Effexor® is a serotonin-norepinephrine reuptake inhibitor (SNRI) that was approved for use by the U.S. Food and Drug Administration (FDA) in 1993. It is prescribed to patients suffering from anxiety disorders and depression.1 Effexor contains venlafaxine, which has been linked to serious side effects and pregnancy complications.
Effexor and pregnancy
The National Institutes of Health recommends that pregnant women who are taking medication containing venlafaxine should talk to their doctor. Its use, especially during the third trimester, can result in post-labor and delivery complications in newborns.2,3
A wide range of respiratory problems following labor and delivery have been reported among newborns that were exposed to venlafaxine in the womb. Although it is unclear whether newborn persistent pulmonary hypertension (PPHN) is caused by venlafaxine use during pregnancy, PPHN has been linked to other types of antidepressants, called selective serotonin reuptake inhibitors (commonly known as SSRIs).3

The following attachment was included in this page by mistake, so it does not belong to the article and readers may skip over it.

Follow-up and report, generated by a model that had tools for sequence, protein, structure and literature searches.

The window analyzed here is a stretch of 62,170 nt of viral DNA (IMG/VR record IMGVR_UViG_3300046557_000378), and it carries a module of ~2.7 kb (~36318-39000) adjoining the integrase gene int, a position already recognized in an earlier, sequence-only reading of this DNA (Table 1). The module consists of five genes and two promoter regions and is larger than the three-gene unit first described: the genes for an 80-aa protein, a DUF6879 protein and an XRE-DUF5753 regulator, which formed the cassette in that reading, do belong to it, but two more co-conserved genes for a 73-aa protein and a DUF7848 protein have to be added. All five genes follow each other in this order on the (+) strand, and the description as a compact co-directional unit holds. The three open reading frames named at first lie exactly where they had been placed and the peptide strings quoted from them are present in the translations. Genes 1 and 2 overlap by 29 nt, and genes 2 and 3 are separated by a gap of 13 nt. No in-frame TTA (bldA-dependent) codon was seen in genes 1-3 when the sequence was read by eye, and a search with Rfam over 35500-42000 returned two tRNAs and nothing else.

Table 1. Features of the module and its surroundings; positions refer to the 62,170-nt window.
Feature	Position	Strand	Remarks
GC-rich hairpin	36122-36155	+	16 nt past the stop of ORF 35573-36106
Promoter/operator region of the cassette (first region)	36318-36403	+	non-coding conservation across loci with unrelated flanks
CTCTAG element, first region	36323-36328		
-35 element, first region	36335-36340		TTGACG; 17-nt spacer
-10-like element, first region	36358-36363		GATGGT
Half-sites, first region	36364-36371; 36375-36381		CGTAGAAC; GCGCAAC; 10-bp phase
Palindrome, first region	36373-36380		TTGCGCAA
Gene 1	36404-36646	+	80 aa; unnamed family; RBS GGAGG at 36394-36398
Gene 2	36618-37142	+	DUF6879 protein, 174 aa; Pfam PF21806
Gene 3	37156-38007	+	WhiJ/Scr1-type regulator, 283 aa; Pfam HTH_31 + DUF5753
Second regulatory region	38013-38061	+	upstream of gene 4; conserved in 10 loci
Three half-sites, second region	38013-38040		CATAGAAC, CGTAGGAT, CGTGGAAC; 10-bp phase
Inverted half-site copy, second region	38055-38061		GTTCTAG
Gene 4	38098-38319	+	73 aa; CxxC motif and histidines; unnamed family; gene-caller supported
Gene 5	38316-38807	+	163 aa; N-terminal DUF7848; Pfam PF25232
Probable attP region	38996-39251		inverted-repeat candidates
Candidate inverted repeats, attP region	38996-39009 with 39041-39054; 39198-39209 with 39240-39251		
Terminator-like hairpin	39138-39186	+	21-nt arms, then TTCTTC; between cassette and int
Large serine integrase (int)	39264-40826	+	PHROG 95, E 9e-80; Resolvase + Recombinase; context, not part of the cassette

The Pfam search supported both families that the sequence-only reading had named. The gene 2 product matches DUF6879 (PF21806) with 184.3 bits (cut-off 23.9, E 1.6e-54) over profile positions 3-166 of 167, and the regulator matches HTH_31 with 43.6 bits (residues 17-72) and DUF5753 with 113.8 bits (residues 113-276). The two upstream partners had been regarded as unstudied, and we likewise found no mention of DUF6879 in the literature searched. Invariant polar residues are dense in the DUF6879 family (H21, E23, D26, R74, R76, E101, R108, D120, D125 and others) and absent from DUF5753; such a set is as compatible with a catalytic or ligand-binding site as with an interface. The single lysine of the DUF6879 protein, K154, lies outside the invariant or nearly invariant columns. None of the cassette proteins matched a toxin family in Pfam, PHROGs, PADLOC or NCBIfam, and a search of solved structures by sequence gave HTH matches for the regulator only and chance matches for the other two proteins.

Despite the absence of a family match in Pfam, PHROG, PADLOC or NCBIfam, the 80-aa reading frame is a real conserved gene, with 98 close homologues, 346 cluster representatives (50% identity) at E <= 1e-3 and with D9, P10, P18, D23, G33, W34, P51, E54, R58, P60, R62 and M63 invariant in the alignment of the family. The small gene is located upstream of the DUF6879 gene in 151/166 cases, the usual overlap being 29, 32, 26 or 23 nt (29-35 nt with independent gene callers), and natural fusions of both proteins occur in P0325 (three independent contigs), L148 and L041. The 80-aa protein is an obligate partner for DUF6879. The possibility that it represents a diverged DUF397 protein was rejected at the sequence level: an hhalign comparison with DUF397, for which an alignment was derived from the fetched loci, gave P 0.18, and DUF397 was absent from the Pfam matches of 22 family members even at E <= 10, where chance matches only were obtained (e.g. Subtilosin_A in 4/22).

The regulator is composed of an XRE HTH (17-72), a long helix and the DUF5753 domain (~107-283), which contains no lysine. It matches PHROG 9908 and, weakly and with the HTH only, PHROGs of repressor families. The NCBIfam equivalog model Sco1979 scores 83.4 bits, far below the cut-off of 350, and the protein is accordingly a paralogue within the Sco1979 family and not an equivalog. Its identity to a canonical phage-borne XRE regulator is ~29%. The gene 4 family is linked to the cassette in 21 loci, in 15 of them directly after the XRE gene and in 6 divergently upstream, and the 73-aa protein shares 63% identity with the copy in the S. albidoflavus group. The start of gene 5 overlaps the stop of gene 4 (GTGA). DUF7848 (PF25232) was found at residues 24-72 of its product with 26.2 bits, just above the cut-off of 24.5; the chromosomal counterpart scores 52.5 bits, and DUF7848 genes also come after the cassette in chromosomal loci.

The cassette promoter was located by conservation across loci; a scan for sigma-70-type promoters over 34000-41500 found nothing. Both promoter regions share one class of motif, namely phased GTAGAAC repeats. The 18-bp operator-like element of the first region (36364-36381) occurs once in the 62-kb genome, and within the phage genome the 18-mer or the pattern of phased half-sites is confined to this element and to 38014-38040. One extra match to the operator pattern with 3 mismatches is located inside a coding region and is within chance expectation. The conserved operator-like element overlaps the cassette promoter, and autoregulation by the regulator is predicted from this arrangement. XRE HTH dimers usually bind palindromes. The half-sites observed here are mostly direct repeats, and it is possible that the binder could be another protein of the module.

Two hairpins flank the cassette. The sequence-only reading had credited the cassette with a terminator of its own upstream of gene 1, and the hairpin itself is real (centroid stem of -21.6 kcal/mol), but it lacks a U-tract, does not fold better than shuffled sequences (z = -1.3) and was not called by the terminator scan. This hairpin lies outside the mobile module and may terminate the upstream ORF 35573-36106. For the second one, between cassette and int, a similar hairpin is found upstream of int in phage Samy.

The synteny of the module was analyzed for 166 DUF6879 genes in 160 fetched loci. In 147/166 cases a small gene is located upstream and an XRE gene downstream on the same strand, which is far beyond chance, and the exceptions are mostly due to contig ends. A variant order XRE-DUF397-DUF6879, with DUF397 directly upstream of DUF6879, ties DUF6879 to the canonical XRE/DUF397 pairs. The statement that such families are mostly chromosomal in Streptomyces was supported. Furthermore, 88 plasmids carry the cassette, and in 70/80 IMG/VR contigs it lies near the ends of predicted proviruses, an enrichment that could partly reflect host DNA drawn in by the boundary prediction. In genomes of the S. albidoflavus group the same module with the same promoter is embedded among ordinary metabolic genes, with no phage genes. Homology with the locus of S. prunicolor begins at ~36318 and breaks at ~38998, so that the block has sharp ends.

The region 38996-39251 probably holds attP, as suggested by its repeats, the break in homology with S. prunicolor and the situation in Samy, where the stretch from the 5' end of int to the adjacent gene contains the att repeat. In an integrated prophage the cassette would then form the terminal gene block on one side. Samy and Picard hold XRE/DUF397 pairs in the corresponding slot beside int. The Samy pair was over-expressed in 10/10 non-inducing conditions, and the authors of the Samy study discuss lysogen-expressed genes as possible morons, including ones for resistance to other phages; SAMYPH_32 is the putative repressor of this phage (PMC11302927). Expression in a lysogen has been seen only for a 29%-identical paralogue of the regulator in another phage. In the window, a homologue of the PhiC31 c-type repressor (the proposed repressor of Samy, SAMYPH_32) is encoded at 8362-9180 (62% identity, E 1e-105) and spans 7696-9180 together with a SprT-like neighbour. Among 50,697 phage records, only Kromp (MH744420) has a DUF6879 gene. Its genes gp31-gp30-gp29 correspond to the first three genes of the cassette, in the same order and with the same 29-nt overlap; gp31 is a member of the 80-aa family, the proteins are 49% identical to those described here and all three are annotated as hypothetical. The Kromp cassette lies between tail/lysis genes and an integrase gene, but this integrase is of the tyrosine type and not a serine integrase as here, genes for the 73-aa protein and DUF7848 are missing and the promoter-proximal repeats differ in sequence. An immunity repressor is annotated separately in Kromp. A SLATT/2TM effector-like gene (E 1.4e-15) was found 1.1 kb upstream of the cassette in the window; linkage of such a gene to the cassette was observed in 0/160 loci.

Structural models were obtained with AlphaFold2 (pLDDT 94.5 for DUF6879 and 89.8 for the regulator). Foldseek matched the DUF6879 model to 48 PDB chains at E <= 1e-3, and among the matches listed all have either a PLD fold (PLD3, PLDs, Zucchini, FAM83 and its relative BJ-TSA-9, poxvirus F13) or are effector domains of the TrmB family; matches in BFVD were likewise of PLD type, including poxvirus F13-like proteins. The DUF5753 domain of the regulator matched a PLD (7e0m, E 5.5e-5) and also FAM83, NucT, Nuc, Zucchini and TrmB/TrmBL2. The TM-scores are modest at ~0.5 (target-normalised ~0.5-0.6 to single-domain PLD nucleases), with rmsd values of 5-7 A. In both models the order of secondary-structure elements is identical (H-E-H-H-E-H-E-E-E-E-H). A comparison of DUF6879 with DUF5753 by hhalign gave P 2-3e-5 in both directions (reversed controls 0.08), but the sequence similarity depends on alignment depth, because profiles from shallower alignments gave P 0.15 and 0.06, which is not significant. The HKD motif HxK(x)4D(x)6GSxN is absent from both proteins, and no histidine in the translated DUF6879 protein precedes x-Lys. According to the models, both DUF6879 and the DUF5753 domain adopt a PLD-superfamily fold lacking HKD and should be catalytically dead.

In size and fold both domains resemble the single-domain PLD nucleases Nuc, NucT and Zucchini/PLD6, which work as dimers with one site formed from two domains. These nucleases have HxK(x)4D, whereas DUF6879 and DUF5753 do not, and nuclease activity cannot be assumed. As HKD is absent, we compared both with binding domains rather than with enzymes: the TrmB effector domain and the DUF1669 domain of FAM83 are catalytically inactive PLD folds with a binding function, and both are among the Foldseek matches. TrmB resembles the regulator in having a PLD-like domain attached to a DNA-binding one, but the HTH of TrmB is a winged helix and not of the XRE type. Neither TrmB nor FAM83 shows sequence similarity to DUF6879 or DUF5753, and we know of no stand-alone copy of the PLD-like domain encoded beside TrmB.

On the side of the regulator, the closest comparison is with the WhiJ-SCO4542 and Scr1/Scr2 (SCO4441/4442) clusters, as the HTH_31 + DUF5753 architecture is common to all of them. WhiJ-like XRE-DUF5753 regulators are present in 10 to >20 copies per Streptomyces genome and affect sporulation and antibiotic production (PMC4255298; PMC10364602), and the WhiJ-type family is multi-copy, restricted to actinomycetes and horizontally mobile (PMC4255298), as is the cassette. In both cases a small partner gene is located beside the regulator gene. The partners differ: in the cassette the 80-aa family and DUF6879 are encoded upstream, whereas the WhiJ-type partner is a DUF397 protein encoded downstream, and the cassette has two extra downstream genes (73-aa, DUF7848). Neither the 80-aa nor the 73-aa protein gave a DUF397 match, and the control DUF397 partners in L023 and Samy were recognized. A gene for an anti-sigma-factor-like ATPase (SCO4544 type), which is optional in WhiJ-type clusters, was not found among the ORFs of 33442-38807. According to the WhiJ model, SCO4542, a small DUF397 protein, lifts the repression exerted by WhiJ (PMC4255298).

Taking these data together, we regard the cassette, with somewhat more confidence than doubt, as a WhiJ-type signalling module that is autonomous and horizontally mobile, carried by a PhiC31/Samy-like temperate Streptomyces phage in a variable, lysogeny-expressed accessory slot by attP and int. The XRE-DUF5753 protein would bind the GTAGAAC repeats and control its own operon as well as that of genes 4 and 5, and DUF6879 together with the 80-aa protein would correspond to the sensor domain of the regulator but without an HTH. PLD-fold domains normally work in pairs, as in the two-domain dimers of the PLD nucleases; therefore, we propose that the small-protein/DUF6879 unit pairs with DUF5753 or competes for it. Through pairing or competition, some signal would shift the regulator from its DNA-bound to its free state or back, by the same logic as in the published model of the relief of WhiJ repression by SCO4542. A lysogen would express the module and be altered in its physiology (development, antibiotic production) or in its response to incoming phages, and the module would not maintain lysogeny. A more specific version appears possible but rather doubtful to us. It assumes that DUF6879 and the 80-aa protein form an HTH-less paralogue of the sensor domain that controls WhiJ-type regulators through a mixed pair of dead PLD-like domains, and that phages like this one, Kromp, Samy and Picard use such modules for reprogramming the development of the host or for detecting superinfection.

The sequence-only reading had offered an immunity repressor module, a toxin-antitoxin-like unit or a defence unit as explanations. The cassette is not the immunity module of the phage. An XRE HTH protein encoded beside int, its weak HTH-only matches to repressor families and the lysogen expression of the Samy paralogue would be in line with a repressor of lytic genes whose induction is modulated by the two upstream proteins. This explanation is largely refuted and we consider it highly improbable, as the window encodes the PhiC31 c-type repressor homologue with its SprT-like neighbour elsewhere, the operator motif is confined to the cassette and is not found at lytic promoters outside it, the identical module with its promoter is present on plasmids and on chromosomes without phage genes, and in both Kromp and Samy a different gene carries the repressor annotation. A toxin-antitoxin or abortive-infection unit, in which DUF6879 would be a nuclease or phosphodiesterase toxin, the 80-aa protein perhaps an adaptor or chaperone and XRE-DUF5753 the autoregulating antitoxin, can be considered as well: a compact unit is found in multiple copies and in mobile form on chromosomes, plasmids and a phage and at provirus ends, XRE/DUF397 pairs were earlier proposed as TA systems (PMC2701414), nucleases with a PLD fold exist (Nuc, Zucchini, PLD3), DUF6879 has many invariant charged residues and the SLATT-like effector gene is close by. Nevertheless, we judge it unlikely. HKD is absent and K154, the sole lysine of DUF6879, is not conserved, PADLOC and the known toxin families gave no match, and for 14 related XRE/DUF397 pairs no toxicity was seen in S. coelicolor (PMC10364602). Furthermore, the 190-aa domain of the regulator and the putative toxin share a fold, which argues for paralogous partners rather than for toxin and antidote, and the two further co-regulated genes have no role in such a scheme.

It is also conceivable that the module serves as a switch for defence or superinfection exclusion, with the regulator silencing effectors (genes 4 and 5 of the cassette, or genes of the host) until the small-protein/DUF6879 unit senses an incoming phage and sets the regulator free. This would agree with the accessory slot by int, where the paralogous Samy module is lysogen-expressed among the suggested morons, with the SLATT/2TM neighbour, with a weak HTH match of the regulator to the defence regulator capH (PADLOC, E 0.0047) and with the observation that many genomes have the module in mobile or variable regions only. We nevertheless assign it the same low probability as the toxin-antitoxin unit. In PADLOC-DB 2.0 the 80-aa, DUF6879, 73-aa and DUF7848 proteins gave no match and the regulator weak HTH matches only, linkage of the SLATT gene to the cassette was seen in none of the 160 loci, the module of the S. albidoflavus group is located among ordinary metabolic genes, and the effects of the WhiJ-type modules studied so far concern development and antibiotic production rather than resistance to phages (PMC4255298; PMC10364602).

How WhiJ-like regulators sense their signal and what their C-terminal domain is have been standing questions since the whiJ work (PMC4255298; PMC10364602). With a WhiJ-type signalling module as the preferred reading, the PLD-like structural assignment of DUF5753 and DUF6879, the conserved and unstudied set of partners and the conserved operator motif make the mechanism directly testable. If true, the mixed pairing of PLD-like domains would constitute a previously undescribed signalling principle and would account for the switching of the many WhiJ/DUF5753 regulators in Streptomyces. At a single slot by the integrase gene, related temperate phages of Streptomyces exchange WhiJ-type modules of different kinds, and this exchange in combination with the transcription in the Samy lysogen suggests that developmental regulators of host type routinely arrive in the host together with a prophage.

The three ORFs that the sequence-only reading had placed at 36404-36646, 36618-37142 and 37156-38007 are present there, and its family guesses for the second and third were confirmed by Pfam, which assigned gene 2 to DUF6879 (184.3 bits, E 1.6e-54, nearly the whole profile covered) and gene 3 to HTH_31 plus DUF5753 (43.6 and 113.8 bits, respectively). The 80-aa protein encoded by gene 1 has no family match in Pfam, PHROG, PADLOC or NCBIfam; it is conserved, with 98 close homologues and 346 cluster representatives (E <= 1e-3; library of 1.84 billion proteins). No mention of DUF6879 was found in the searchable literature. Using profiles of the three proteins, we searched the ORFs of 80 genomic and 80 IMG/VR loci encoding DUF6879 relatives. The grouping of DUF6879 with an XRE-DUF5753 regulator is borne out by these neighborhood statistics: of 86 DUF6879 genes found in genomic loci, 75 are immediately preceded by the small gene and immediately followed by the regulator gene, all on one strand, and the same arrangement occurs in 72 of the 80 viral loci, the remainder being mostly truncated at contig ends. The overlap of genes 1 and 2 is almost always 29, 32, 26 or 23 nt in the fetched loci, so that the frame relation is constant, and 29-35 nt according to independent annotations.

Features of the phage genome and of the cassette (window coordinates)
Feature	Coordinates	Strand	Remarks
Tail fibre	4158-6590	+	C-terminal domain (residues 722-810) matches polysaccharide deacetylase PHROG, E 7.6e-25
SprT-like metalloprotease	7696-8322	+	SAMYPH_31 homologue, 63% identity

Birth defects and Effexor
Studies have also shown a possible link between venlafaxine use in early pregnancy and birth defects, including:
- A neural tube defect called anencephaly,4 in which large portions of the brain and skull do not develop
- Narrowing of the aorta5
- Cleft palate6
- Gastroschisis, a hernia around the umbilical cord7
These types of birth defects pose serious health risks to the developing fetus and can result in miscarriage or the death of the newborn. Researchers believe additional studies are needed, but they also conclude that women should be cautious in taking SNRIs or other antidepressants during pregnancy.8,9
If you believe your pregnancy may have resulted in complications, miscarriage or birth defects because of Effexor, you should contact an experienced personal injury attorney. He or she will be able to review your situation, help you understand your legal rights and determine if you are eligible to file a lawsuit.